in Attica itself (IG II
4854; cf. Strabo, XIII, 604, where an Attic
connection for the Troadic cult is alluded to). The Attic, Cycladic (Paros
may also have had a location named after the divine epithet in question,
Strabo XIII, 605) and Rhodian spread of Sminthean worship is consistent
with the Cretan origin claimed for its Aeolic prevalence in view of related
ancient traditions. But nonetheless, a Thracian context is much closer at
hand and likelier. The central importance of the Troad and its vicinity in
this connection is enhanced if we construe the ancient name of the greater
region and its people (M, M; v. e.g. Strabo, XIII, 613; Photius,
Suda s.v. M (i.e. in Aeolis); western Anatolia was divided into
Mysia, Lydia and Caria roughly corresponding to the Aeolic, Ionic and
Doric coastal area) as related to (and not to the beech (), which,
according to Xanthus, was called something like by the Lydians,
FGrH 765 n. 15; cf. Stephanus Byzantius s.v. M; according to
Hesychius s.v. , the name was properly Mysian with that
signification). The cult is connected permanently or aetiologically,
positively or avertedly, with the presence, indeed a plethora, of field rats
(Heracleides of Pontus, Fr. 154 Wehrli; the Cretan account has it (Strabo,
XIII, 604; Aelianus, de natura anim. XII, 5); also the epichoric story
(Scholia A in Homer, Ilias, A 39 = Polemo, Fr. XXXI, Preller; Aelianus,
Tame mice thronged in the Troadic main sanctuary of the God and fed on
public rations; white ones nested under the altar and one was sculpted by
the Apollinian tripod; Aelianus, loc.cit. (p. 293.18-21 Herscher): d -
b d a ,
e b , d a \A-
. The God himself was represented as standing upon a rat;
Strabo, XIII, 604 (III p. 43.20-3 Kramer): b F XF F d e
\A e d e e c
, , d
d . V. also Heracleides Ponticus loc.cit., probably
referring to the aboriginal cultic image of the God () taken as model
by Scopas for his major work. Alternatively, the god was depicted treading
on a mousehole; Hesychius s.v. . d \A b f
a e d d . M is a mousehole, b
f , Photius, Lexicon, and Suda s.v.
(probably, <> has to be introduced as a separate lemma). Mysia (the
mouse-country) and Mysoi (the mouse-people) were cognate to the great
Thracian stock; v. Strabo, VII, 295; 303; XII, 542; 572 = III p. 572.13
166 CHAPTER 11
Kramer (Xanthus the Lydian considered them a sort of half-way house
between Phrygians (associated to the Thracians) and Lydians, but this is a
rather partisan account; v. Xanthus FGrH 765 n. 15).
M (and the related ) is a typically chthonic animal, living
underground, a creature of earth and darkness. It is natural to conceive of it
antithetially to solar radiance. According to an account reported by
Oppian, Cynegeticus, II, 612-28 (esp. 626-8), Phineus (having been saved
from the Harpies by the Boreads) was transformed into a rat by Helios on
account of Phineus victory over Phoebus in mantic power (here Apollo is
distinguished from the superior Sun, cf. I, 9). Cf. Scholia in Apollonius
Rhodius II, 178 for a variant: b e e
^H r j . Another account
of the same enmity is reported by Istros the Callimachean, FGrH 334 n.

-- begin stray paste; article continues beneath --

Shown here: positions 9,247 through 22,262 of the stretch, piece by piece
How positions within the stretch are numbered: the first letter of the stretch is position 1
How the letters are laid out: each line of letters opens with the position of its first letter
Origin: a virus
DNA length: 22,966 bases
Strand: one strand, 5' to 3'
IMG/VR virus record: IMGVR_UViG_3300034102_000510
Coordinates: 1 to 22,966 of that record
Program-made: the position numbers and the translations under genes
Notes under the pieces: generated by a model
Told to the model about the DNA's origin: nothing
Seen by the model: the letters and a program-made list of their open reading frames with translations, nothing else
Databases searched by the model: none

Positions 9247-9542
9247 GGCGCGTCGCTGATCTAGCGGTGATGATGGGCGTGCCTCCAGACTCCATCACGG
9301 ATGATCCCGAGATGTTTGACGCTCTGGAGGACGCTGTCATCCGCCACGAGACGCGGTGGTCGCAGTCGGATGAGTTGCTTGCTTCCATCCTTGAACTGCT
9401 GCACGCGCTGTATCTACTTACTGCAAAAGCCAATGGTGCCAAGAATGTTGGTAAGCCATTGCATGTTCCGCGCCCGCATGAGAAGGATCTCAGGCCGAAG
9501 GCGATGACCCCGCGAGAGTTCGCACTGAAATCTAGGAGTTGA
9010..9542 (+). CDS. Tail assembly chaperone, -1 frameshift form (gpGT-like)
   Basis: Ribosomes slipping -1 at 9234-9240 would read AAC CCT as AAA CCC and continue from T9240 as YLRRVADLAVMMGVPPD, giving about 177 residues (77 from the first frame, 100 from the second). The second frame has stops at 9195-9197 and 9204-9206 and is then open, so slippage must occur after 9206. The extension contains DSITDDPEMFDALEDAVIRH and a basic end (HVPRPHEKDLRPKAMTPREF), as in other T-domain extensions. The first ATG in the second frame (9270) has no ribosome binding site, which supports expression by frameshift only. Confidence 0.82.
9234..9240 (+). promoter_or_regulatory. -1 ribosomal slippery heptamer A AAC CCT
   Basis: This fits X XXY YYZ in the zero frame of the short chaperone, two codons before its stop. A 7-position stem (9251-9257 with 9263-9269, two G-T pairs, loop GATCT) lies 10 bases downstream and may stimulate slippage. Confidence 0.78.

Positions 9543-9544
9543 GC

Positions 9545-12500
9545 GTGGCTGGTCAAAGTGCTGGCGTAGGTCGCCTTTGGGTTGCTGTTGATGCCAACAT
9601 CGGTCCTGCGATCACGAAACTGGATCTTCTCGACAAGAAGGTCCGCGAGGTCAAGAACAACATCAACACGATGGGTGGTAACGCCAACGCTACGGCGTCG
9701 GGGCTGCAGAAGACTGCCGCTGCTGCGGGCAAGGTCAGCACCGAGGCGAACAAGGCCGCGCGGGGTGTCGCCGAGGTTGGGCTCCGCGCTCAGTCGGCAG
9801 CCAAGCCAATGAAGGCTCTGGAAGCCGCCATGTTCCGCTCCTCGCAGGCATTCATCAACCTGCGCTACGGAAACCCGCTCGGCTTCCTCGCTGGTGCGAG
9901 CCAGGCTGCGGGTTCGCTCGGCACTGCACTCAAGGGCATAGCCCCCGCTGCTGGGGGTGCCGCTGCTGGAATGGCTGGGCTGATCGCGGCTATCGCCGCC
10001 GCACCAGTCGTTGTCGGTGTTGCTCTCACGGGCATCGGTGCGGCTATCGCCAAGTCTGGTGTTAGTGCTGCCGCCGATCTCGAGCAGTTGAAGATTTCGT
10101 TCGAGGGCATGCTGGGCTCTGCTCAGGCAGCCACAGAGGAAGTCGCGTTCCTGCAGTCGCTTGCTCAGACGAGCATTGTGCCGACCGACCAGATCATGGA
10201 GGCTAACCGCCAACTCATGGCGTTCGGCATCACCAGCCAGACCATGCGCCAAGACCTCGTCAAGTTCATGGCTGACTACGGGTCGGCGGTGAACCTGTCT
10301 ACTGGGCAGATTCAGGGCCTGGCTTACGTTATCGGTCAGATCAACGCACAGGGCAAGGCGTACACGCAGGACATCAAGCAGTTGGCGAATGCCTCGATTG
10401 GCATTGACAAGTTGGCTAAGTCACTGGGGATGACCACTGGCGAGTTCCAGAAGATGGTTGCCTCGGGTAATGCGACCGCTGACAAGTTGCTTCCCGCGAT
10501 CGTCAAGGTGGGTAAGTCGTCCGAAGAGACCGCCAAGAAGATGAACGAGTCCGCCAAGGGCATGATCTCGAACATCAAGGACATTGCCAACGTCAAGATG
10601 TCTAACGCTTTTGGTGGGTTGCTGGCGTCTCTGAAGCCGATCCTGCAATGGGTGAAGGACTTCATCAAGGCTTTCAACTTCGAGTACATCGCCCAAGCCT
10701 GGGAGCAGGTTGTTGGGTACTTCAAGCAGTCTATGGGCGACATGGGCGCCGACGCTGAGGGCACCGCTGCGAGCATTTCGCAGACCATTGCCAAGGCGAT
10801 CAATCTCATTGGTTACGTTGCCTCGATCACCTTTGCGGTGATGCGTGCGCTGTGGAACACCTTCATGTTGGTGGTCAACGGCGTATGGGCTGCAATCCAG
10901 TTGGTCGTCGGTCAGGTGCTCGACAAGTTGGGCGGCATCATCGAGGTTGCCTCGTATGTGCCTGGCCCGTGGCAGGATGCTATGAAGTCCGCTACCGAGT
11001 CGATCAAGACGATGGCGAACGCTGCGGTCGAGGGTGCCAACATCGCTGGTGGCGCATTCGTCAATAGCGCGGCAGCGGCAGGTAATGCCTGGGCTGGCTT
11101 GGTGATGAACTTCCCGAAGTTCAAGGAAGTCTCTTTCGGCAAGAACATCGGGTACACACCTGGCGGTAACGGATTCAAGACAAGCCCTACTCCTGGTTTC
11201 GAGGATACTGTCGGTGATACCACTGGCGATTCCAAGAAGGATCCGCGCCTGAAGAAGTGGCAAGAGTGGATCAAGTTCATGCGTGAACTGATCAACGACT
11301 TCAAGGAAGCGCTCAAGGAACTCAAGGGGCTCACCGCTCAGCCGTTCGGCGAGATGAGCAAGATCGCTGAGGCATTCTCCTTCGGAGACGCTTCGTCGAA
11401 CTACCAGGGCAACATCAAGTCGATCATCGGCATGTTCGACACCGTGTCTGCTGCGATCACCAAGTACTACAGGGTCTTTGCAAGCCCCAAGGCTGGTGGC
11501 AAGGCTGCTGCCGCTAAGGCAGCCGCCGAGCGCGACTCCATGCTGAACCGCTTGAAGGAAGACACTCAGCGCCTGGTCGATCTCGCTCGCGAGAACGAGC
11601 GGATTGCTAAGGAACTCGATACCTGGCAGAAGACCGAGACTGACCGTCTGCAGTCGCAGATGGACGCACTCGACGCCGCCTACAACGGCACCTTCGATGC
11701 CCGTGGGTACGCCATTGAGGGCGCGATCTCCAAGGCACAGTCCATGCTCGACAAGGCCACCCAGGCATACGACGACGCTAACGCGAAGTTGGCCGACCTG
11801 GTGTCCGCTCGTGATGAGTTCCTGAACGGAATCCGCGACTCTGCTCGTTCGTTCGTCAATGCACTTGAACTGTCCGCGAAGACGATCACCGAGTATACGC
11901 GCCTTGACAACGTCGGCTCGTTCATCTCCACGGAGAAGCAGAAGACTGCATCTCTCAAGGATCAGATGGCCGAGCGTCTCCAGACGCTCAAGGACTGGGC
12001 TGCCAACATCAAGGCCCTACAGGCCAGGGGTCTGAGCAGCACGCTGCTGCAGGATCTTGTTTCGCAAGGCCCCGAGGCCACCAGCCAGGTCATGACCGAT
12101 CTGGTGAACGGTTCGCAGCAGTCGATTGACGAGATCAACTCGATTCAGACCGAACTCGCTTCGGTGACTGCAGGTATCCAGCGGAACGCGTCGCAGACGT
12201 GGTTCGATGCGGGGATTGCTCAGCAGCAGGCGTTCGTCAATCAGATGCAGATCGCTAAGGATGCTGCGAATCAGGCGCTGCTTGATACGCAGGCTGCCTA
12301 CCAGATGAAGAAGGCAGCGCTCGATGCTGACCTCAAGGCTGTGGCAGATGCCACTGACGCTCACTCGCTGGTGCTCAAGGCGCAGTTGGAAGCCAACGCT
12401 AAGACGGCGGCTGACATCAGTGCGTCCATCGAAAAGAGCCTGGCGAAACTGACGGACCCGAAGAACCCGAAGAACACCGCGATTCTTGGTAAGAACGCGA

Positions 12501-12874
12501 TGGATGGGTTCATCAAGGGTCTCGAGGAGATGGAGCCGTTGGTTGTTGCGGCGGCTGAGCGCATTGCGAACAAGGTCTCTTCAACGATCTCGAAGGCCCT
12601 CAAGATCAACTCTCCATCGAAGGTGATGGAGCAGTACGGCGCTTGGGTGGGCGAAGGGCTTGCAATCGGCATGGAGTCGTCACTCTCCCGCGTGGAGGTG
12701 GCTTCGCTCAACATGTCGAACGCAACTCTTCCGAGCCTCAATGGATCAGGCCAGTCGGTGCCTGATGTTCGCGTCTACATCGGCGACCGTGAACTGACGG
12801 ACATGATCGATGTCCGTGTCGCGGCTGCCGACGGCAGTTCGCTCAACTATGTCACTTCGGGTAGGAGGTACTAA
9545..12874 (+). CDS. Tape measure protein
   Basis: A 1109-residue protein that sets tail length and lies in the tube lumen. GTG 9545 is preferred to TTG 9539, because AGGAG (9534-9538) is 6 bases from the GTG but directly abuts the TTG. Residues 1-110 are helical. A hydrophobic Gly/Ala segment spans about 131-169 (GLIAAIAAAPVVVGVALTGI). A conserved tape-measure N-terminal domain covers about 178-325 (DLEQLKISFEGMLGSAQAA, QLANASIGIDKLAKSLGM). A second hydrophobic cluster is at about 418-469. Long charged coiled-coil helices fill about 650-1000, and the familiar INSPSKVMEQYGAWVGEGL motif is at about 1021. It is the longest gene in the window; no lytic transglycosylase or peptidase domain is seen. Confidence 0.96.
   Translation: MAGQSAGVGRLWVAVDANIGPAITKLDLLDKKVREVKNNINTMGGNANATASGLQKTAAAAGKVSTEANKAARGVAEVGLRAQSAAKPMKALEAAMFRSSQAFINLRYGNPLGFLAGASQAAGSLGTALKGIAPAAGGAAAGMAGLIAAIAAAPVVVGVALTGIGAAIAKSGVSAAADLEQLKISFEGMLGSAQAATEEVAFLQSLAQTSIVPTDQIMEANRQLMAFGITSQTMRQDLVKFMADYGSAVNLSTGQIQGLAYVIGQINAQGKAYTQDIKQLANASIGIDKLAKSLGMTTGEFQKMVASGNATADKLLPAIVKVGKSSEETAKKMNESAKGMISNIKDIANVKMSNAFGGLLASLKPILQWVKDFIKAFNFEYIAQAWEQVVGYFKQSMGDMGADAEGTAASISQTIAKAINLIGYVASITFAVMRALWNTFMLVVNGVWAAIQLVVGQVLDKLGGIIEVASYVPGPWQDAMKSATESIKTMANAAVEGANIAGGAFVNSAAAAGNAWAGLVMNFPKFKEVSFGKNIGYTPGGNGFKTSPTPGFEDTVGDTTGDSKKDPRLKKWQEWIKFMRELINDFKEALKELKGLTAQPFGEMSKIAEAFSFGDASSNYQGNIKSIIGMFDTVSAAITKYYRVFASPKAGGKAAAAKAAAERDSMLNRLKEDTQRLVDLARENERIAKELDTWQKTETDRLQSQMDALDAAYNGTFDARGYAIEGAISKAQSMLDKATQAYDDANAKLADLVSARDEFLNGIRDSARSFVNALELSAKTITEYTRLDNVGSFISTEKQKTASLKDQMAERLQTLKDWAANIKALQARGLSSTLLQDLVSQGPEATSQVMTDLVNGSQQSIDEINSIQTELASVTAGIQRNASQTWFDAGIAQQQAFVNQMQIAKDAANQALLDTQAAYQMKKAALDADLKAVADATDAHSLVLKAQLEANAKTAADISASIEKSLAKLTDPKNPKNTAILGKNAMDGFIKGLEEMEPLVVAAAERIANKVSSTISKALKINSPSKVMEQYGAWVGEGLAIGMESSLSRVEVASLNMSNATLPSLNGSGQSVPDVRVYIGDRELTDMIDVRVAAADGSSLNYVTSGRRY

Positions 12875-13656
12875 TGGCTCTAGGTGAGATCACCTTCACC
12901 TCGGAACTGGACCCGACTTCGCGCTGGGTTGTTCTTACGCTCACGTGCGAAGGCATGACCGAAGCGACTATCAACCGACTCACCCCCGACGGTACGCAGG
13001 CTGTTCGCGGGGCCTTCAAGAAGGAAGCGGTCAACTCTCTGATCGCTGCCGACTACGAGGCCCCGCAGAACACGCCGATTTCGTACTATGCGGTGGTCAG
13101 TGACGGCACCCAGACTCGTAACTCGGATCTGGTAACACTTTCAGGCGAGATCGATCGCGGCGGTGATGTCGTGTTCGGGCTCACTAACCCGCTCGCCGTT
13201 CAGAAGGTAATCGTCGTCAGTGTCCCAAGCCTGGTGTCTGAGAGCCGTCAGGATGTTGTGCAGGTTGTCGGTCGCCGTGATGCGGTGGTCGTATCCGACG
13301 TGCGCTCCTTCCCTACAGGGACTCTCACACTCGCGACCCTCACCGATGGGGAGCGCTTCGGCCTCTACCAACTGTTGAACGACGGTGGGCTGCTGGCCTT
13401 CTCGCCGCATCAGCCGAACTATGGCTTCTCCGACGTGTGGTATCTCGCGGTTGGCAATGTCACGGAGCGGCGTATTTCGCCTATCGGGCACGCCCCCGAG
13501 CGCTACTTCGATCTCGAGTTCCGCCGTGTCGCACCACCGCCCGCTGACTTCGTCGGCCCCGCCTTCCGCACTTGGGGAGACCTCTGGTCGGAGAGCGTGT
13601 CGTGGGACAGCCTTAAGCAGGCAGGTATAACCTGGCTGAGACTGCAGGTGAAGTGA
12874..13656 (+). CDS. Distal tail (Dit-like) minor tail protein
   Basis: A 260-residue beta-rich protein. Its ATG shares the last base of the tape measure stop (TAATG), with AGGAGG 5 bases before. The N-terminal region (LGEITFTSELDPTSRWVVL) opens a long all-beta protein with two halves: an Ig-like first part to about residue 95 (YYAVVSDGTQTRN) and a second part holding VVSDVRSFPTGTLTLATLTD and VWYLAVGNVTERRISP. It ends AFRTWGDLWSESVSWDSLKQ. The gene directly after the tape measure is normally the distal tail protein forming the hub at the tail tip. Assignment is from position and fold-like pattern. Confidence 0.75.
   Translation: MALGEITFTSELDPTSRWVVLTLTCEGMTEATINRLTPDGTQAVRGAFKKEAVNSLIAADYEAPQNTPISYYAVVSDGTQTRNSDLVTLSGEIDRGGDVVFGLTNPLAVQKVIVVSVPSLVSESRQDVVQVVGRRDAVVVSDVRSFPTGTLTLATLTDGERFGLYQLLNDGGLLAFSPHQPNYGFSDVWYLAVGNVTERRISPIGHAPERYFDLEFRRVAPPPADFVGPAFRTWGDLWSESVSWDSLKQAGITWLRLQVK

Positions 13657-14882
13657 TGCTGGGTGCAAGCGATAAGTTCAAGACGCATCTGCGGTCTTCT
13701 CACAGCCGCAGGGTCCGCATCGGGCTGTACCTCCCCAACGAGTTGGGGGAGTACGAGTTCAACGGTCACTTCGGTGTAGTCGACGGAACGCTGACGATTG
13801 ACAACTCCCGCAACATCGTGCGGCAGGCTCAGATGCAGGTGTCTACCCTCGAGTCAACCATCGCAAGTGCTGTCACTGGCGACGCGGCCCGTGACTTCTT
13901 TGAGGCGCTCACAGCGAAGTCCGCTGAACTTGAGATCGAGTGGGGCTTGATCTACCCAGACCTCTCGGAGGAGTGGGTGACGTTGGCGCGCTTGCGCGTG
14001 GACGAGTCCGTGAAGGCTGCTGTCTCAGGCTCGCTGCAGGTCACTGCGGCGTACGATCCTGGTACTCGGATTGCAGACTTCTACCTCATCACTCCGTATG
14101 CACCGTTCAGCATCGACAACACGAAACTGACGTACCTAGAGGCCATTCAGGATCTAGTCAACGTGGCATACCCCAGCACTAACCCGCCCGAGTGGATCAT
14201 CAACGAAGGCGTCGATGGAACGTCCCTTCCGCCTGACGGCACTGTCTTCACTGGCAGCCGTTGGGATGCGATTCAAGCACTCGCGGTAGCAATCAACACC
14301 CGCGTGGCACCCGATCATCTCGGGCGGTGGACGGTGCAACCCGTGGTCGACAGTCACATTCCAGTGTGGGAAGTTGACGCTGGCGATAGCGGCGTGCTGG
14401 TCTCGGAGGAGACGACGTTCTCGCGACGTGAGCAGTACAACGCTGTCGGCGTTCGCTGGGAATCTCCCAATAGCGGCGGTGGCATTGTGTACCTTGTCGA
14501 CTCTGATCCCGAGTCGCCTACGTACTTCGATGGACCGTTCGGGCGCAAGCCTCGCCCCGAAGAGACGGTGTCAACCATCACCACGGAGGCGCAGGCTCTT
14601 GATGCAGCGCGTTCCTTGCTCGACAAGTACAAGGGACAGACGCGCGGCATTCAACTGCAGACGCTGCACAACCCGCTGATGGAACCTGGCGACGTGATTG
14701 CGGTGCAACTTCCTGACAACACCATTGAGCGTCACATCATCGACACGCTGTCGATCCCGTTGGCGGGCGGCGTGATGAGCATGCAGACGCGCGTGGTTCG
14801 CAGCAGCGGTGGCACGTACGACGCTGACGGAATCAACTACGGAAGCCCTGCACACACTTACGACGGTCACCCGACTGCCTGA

67. In Etymologicon Genuinum, s.v. , Apollo stands in the place
of Helios. Oppians report of the metamorphoses is repeated by Timotheus
(Supplementum Aristotelicum, I, I p. 118); the same in Cyranides, p. 54 de
Mely-Ruelle. A more forceful story has Phineus disclosing to mankind the
mysteries of light (of the Sun), and so being punished by Helios
Prometheus-wise. Olympiodorus, Commentaire sur le livre Sur l Action de
Zosime, et sure les dires d Herms et des philosophes, in Berthelot-Ruelle,
Collection des anciens alchimistes grecs, 1887-8, t. I p. 101: b (sc.
F F , a Hermetic book) d d -
, d e q d g
a . Kd e . \A d a
F e , e .
d c c q. Kd
e F F F d e
Apollo Smintheus emerges as the god of sunlight. His solar character is
probably testified by the Athenian inscription mentioned supra. IG II
4854 should be completed thus:
\A [ ]
d \A [][ ].
(Cf. H. Usener, Gtternamen, 1948
, p. 261 n. 32). A
is obviously the Moon. Hence the Sminthian Apollo represents most likely
the Sun.
The subject of the religious significance of the mouse in Apolline worship is
broached, but inadequately pursued, producing artificial results, by H.
Grgoire - R. Goossens - M. Mathieu, Asklpios, Apollon Smintheus et
Rudra: tudes sur le dieu de la taupe et le dieu au rat dans la Grce et dans
l Inde, 1949.
It is interesting to note a case of mouse divination among some peoples of
the Ivory coast in West Africa. V. L. Homberger, Where the Mouse is
Omniscient: The Mouse Oracle among the Guro, in John Pemberton III
(ed.) Insight and Artistry in African Divination, 2000, pp. 157-67. There
the Mantic operation is directly and explicitly connected to the chthonic
element of the animal. According to one practitioner of this form of
divination: mice can hear and understand all sounds of the earth, indeed
they live in the earth, and we in turn populate it (op.cit. p. 162). The
parallel to the circle of ideas implied by Apollos (the divinatory divinity par
excellence) connection to the mice in the worship of Sminthean (and Solar)
Apollo, is remarkable.
168 CHAPTER 11